Diabetes, Insulin Resistance and Obesity
Diabetes (high blood sugar) is the most common non-communicable disease in the
world. By 2010 there will be an estimated 221 million cases worldwide.
Type2 (adult onset) diabetes results from poor lifestyle habits and is almost always
PREVENTABLE and REVERSIBLE.
Excess sugar damages the cells in your body through a process called Glycation
which works exactly like oxidation except the damaging molecule is sugar rather than
oxygen. Through the media, most people are well aware of the importance of anti-
oxidants which reduce oxidation damage but few are aware of the importance of
preventing glycation damage.
Tests that measure blood “sugar” actually only measure blood glucose. They do not
measure blood fructose levels which, when elevated, is just as dangerous as elevated
blood glucose levels. Foods such as corn and fruit may not elevate blood glucose
levels but they will elevate blood fructose levels which do not show up on blood sugar
Insulin is not meant to be the primary regulator of blood sugar. The liver and muscles
are supposed to regulate any rise in blood sugar. But when excess sugar,
carbohydrates, or calories are consumed, insulin is required to lower blood sugar.
High level of insulin is the greatest known link to aging. Insulin also causes or
contributes to Hypoglycemia, Heart disease, Osteoporosis, Congestive Heart Failure,
High Cholesterol, Thyroid Disorders, Weight Gain, Fatigue, and many more
undesirable health conditions. The use of insulin as a treatment for type 2 diabetes
can usually be avoided and should be avoided if at all possible.
Although testing for type2 diabetes involves measuring blood sugar levels, type2
diabetes is NOT a disease of the blood. It is a disease of all of the cells in the body.
This is how it works......
1st, You eat something with a high glycemic load (sugar, pasta, etc.) which causes a
rise in blood sugar.
2nd, Your liver and muscles will store as much sugar as they can in the form of
3rd, Any excess blood sugar needs to move into the cells of your body, but your cells
will only tolerate so much sugar before they become resistant. Remember, too much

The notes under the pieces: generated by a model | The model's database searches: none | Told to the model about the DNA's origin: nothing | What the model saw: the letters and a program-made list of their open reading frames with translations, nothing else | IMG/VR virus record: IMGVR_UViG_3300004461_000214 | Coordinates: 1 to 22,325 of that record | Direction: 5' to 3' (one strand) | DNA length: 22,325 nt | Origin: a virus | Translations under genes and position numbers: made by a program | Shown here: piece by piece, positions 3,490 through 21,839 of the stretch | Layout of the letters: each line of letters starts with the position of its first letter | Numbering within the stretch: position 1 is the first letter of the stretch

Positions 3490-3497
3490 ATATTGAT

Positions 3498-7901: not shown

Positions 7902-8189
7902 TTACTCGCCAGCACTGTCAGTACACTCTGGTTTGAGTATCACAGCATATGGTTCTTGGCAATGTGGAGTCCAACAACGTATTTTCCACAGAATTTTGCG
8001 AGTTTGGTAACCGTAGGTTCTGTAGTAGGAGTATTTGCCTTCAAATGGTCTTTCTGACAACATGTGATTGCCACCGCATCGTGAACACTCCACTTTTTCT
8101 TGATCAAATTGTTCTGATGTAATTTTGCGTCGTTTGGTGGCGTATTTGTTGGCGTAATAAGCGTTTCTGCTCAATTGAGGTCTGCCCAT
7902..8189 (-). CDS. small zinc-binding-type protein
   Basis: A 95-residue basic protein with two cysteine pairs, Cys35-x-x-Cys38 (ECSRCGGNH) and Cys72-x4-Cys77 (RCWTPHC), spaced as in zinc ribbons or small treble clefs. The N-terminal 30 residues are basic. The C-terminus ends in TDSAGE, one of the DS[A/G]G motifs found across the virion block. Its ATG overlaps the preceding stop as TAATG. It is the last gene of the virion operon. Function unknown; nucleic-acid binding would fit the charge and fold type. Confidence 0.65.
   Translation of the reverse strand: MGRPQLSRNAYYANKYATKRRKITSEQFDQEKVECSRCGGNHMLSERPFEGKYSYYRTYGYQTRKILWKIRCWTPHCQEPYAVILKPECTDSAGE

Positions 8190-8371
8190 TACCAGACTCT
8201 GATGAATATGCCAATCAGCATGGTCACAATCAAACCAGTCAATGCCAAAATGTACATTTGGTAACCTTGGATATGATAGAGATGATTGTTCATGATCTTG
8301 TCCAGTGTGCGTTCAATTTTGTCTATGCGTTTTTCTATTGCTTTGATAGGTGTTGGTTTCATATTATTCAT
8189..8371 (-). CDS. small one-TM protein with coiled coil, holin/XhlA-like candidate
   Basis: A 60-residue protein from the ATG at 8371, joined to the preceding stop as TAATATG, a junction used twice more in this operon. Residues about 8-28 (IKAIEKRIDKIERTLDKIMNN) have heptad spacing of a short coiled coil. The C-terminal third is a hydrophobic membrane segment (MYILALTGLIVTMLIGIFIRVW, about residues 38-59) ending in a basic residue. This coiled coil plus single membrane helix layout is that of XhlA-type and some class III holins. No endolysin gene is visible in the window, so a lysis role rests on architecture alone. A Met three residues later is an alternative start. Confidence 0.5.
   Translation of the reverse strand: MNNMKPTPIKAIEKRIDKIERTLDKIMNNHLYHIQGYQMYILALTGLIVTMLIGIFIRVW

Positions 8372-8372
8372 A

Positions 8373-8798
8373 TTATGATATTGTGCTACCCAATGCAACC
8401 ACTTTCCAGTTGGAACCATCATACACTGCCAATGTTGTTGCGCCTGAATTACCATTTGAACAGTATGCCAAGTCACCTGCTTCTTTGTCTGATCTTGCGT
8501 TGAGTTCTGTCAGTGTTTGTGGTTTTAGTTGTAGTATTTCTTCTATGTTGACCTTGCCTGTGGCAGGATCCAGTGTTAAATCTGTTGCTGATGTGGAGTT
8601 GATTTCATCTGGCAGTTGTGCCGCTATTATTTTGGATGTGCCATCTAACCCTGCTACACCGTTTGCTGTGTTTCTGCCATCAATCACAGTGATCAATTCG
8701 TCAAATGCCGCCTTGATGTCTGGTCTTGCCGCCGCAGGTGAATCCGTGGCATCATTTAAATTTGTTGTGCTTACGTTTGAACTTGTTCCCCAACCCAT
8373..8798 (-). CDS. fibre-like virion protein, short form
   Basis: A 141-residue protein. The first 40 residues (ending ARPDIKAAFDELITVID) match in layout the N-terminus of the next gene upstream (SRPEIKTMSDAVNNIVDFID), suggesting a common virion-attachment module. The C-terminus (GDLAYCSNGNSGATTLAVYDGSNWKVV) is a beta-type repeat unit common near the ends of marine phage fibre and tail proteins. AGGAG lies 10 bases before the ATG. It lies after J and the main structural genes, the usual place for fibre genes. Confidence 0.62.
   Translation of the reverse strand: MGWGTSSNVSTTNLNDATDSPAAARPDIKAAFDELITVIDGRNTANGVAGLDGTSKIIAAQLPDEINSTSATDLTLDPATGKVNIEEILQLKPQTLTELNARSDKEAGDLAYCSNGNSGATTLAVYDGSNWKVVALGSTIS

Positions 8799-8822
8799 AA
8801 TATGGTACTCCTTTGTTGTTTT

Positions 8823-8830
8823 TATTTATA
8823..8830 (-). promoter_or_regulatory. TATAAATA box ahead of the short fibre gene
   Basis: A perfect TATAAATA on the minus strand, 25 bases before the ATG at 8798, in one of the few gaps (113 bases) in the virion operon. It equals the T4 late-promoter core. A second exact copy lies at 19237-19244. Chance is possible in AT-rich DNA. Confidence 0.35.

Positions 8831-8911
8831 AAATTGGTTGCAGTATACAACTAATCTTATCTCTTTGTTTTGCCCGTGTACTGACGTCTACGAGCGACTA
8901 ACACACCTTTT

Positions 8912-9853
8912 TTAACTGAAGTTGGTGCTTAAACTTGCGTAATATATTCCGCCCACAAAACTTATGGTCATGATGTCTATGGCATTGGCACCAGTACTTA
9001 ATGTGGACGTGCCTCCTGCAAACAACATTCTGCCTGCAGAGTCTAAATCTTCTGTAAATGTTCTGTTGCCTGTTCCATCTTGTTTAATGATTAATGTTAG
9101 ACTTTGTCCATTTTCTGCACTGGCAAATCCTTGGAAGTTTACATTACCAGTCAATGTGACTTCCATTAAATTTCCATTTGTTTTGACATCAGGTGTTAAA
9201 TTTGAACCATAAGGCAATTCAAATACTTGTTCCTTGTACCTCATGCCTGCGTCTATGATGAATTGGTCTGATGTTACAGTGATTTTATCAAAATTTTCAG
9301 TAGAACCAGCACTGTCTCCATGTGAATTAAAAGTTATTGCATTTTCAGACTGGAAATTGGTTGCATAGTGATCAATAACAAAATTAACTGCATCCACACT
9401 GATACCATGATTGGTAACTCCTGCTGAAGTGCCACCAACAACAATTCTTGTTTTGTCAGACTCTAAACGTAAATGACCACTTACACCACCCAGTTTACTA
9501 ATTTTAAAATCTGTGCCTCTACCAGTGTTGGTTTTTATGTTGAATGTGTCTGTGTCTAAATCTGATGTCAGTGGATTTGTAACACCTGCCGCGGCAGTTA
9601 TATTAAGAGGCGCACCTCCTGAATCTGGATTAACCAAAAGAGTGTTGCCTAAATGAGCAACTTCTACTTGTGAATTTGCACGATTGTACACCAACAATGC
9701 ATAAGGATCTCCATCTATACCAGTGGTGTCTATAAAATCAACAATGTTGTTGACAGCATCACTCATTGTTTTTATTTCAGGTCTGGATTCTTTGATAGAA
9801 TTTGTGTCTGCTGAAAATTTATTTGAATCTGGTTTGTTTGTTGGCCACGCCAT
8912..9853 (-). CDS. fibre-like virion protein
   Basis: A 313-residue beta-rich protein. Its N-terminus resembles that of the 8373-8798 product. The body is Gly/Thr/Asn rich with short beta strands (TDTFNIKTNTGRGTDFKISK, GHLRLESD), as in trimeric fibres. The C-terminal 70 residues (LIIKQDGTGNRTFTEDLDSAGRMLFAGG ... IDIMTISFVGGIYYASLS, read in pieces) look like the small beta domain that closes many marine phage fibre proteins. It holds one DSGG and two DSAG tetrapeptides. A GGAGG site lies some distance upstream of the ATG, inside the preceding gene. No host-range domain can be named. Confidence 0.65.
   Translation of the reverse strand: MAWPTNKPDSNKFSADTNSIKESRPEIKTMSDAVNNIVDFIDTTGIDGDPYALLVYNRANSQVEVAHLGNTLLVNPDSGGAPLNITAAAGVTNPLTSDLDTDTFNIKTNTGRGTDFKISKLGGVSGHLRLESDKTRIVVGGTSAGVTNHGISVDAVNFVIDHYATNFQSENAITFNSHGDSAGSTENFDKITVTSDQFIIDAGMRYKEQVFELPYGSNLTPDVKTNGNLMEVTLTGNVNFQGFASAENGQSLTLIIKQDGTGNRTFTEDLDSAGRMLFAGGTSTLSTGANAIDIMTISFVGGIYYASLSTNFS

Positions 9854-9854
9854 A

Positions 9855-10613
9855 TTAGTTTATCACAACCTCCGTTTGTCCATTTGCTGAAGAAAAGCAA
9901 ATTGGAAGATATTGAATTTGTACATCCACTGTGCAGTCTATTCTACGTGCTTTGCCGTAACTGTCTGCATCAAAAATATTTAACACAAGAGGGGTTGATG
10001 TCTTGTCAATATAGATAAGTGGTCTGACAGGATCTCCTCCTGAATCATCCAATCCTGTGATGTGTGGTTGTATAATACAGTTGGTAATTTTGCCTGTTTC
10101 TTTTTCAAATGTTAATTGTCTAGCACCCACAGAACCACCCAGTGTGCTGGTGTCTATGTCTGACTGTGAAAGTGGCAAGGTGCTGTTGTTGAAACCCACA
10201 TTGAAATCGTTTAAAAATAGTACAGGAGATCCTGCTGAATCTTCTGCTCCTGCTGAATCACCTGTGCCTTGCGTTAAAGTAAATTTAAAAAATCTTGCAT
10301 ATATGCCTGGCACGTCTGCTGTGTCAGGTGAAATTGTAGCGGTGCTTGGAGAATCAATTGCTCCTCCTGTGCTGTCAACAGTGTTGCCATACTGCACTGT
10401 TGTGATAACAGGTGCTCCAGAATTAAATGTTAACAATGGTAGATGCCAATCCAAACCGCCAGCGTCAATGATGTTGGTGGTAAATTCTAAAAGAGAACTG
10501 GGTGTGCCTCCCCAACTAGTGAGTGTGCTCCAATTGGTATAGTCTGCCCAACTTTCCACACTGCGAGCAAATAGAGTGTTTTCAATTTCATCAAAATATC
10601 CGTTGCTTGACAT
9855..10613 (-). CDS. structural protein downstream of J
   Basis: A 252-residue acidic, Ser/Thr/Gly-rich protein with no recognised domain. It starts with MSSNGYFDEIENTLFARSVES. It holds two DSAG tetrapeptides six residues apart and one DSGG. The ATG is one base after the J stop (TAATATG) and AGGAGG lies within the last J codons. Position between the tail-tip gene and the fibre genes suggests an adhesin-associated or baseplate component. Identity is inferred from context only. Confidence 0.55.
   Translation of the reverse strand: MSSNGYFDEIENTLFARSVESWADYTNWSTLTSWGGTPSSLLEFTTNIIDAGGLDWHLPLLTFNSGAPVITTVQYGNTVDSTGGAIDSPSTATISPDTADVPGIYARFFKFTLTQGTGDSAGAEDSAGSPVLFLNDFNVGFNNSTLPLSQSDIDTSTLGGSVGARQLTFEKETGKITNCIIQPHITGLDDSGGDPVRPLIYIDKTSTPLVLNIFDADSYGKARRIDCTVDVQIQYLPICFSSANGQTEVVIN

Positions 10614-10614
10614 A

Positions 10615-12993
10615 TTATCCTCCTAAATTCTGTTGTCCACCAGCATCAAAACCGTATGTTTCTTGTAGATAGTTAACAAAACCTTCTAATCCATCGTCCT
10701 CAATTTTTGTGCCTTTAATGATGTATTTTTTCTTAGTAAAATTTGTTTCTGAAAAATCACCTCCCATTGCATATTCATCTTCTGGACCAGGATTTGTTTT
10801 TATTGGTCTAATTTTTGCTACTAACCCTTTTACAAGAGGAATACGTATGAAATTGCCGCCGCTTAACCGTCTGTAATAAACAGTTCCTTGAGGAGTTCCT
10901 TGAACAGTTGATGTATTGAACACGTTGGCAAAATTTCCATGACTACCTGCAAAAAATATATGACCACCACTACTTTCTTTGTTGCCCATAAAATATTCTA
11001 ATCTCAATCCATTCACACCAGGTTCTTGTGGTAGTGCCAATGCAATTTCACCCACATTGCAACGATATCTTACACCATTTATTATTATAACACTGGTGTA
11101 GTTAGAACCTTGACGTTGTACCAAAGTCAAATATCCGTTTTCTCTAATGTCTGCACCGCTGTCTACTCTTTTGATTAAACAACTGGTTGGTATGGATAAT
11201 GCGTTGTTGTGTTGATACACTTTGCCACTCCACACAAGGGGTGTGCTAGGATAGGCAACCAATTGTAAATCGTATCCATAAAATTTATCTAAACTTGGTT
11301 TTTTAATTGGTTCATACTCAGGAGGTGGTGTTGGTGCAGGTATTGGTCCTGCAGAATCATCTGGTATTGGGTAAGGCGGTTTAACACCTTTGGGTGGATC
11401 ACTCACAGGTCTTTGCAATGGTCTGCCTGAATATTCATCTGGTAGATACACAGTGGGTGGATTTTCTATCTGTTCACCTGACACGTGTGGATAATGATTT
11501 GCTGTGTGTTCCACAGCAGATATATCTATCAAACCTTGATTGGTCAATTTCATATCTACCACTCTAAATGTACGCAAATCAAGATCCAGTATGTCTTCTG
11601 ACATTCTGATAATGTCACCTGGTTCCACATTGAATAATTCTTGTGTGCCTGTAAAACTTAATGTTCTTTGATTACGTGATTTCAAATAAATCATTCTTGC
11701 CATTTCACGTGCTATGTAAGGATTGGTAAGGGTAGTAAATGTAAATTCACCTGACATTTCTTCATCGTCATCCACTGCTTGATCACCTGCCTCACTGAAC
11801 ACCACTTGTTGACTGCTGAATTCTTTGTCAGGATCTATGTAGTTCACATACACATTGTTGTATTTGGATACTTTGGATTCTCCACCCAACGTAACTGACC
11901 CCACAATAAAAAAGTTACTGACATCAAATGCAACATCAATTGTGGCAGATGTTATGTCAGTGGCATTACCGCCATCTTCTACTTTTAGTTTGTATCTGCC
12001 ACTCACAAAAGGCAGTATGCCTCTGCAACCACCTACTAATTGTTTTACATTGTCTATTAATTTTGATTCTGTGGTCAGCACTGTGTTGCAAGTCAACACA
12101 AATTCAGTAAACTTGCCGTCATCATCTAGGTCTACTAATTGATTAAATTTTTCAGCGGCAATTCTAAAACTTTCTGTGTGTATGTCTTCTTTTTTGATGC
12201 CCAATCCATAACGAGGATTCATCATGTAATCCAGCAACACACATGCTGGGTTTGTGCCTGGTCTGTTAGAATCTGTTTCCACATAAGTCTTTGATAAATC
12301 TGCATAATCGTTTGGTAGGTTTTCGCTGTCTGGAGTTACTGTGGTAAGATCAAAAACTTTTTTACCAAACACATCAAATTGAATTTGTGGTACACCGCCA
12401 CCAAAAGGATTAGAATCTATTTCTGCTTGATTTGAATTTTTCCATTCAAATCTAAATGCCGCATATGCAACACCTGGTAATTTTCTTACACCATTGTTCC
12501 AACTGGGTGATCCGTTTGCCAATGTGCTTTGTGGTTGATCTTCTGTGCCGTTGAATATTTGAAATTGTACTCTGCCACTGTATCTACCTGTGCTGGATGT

sugar in the cells will cause glycation damage.
4th, Insulin is released to force any excess blood sugar into the cells, especially fat
cells. This leads to more glycation damage, increased aging, and obesity.
5th, Your cells become resistant to insulin which causes your pancreas to release
even more insulin which further increases aging. High insulin levels causes
hypoglycemia (low blood sugar) which causes sugar cravings. The cycle continues!
6th, Eventually your cells become so resistant to insulin that sugar can no longer be
removed from the blood (even in the presence of huge amounts of insulin). This is
the point when diabetes “begins” clinically. But as you can see, the process leading
to diabetes and cellular damage occurs well before diabetes is testable. Fortunately,
there are ways to test for the processes leading up to diabetes which can tell you how
close you are to developing diabetes.
7th, High blood sugar causes poor circulation and damage to blood vessels and
nerves which leads to vision loss, numbness in the hands and feet- eventually arms
and legs, impotence, kidney failure, heart disease, poor brain function, amputation,
and ultimately death.
What can be done?
1) START NOW. Get tested properly- a glucose test is NOT enough. This will tell you
if you have diabetes or if you are pre-diabetic and it will also help guide us when
determining how aggressive treatment must be.
2) STOP eating refined sugar and flour products and greatly reduce consumption of
grains, potatoes, and other starchy foods. There is no reason to consume starchy
foods. You can get all your carbohydrates from fresh fruits and vegetables. High
quality protein and fats should be consumed at every meal in order to stabilize blood
sugar levels throughout the day. Healthy snacks such as raw nuts should be
consumed in small portions between meals.
3) EXERCISE! Vigorous physical activity burns glucose as fuel and also improves
insulin’s ability to lower blood sugar. Walking is not an effective form of exercise for a
diabetic. High intensity exercise such as Burst Training is best (ask about Burst
Training). Start slow and gradually increase the intensity and duration of the exercise.
Always consult with your Doctor before beginning any exercise program.
4) Avoid eating trans-fat or hydrogenated oil. These fats are man made and are
added to almost all processed foods. It is very important to read food labels to make
sure you do not eat any of these horrible fats which increase the cells resistance to
glucose and insulin. Trans-fats are also strongly linked to other health problems such
as heart disease, ADD/ADHD, stroke, and more.
5) Utilize pharmaceutical grade nutrient supplements in an appropriate manner.
There are products that can aid in nerve repair, lower blood sugar, reduce insulin
resistance, and even lower your cravings for carbohydrates. Everyone is different so
everyone requires a unique supplementation plan.
Call Dr. Webster today for an appointment.
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